Arriving in Siem Reap I meet my new buddy for the weekend, Tom. My tuk-tuk driver. For a mere $15 USD per day, Tom will take me anywhere I want to go, at anytime and is my personal tour guide to the temples of Angkor Wat. He rocks.
Checking in at Angkor Riviera Hotel is painless and it’s a rather large Hyatt type establishment just a 5 minute walk from the Night Market. Tom and I head down to the temples so I can grab some lunch and take in my first sight of Angkor Wat before heading to the gates of Angkor Thom to roam around the Bayon Temple first. It smells like ambers burning from a campfire that is still warm in the morning. More than 500 smiling Buddha faces peer down from above in all nooks and crannies with the sun casting shadows through the hollow doorways, which, at the right angles, you can’t tell if they are actual door ways or a perfectly spotless glass mirror reflection of some other doorway. It reminds me of “Return to Oz” in a way that is both fascinating and creepy at the same time.
We head up to “the mountain” where Phnom Bakheng sits and there is supposedly a spectacular view of Angkor Wat at sunset. Climbing this mountain is not for the faint of heart. I realize quickly that I’m out of shape when the Auntie with a walking cane is moving up the incline faster than me. Reaching the top you find about a zillion tourists clamoring to climb the top and pushing their sweaty bodies to inch up to the front of the line. People like this can make anyone feel claustrophobic, so I head down the path less taken where a couple of guys from Spain have found a serene place to snap a pic without all the humanity.
That evening, I head to the FCC in Siem Reap – same chain as the one in Phnom Penh, but the colonial house style of the building is cooler and the vibe is older. Then I head to the Angkor Night Market for some cheap shopping. Everything from silk linens to airbrushed photos to spices and jewelry – and fairly priced. Christmas shopping done in November? Check.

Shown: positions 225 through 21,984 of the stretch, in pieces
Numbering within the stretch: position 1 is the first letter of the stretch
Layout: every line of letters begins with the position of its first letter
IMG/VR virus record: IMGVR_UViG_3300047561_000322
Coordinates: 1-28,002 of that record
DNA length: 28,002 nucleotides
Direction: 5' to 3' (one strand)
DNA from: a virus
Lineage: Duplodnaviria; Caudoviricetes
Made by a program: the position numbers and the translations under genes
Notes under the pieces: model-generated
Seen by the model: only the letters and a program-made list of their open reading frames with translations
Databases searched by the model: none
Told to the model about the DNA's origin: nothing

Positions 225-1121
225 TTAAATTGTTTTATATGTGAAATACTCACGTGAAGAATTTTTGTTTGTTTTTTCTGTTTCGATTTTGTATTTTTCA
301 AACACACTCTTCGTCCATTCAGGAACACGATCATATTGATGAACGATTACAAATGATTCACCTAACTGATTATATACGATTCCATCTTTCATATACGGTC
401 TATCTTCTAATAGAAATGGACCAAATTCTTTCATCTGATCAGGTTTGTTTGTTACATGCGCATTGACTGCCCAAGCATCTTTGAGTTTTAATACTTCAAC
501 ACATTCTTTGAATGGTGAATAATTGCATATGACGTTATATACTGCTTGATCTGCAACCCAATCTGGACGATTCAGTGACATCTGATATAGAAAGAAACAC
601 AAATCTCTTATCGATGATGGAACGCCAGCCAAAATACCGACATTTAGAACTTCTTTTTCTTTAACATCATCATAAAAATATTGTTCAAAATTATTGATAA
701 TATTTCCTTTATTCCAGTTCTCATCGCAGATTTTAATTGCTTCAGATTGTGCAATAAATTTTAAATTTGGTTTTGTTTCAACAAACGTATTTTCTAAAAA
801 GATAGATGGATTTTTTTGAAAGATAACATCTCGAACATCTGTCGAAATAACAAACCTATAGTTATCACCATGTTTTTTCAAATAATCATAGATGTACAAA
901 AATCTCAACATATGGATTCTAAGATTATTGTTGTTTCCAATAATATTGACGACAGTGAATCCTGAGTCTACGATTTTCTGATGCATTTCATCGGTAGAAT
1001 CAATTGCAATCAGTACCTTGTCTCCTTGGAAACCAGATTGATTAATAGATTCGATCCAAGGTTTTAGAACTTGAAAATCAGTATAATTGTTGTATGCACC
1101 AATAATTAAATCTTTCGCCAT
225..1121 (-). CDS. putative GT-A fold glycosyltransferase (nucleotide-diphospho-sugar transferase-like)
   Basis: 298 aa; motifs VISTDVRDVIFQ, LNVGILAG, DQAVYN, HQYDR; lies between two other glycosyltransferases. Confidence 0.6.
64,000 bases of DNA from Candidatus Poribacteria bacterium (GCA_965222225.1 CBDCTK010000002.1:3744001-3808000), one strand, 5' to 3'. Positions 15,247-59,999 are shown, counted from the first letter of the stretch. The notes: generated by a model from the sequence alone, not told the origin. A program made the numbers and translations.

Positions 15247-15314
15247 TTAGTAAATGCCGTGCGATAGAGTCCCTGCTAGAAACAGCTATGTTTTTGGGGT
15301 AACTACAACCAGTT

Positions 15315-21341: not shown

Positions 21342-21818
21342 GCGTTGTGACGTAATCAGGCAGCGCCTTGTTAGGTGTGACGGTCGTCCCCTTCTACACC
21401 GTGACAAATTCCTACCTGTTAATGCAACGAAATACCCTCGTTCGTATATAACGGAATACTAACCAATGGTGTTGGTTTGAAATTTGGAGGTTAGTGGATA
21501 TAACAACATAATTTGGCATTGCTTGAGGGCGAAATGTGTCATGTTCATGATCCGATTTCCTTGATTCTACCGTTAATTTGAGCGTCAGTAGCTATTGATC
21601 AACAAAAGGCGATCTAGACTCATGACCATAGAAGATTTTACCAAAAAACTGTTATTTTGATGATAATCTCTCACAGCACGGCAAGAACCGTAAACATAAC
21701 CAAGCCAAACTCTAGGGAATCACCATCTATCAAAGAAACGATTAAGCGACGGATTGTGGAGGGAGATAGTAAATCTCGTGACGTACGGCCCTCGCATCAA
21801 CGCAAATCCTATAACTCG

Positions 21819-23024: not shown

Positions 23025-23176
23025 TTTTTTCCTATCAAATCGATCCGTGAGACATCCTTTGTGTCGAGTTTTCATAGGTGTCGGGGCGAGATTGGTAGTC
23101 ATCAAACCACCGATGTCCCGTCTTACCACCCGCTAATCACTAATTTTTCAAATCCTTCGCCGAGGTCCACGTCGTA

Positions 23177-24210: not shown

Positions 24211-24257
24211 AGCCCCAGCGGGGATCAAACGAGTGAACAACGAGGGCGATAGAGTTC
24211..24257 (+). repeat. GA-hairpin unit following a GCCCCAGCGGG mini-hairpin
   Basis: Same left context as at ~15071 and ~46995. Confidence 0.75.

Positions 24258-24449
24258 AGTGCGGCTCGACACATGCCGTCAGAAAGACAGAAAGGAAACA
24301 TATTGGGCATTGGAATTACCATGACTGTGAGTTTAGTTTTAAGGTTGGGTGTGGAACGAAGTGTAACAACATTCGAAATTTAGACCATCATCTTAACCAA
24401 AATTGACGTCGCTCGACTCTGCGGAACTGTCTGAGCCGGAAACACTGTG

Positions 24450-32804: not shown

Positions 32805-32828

The next day we hit up Ta Prohm, a.k.a. “The Tomb Raider Temple” famous after Angelina Jolie’s movie (which all the group tour guides are saying over an over again as you walk by). Nature has truly taken hold of these ruins in a way that cannot be explained until you see it up close and personal. The tree roots are enormous and overwhelm what little is left of the historical site. I find a local more than willing to show me around – off the beaten path of the Chinese tour group moving through in droves of 20 people deep and we climb up through doorways in the back to the very top of Ta Prohm for a bird’s eye view, and some pretty cool photo opps. I pay him a small donation of $3 USD after he brings me back to the masses.
Before lunch it’s Baphuon which looks very impressive from the road, and very tall. Until you get to the entrance and they tell me I can’t go in because my shorts don’t come down to my knee. Woops. Guidebooks should tell you these things! (Same with climbing to the very top of Angkor Wat by the way)
Lunch is back in town at Siem Reap at a place called The Butterfly Garden. A small garden serving local food, enclosed with more than 1,000 butterflies floating around you in the greenery! Very cool experience, highly recommend. Top it off with an hour long foot massage ($6 USD) and Coconut sorbet from The Blue Pumpkin in a waffle cone. Heaven is having ice cream that isn’t really ice cream!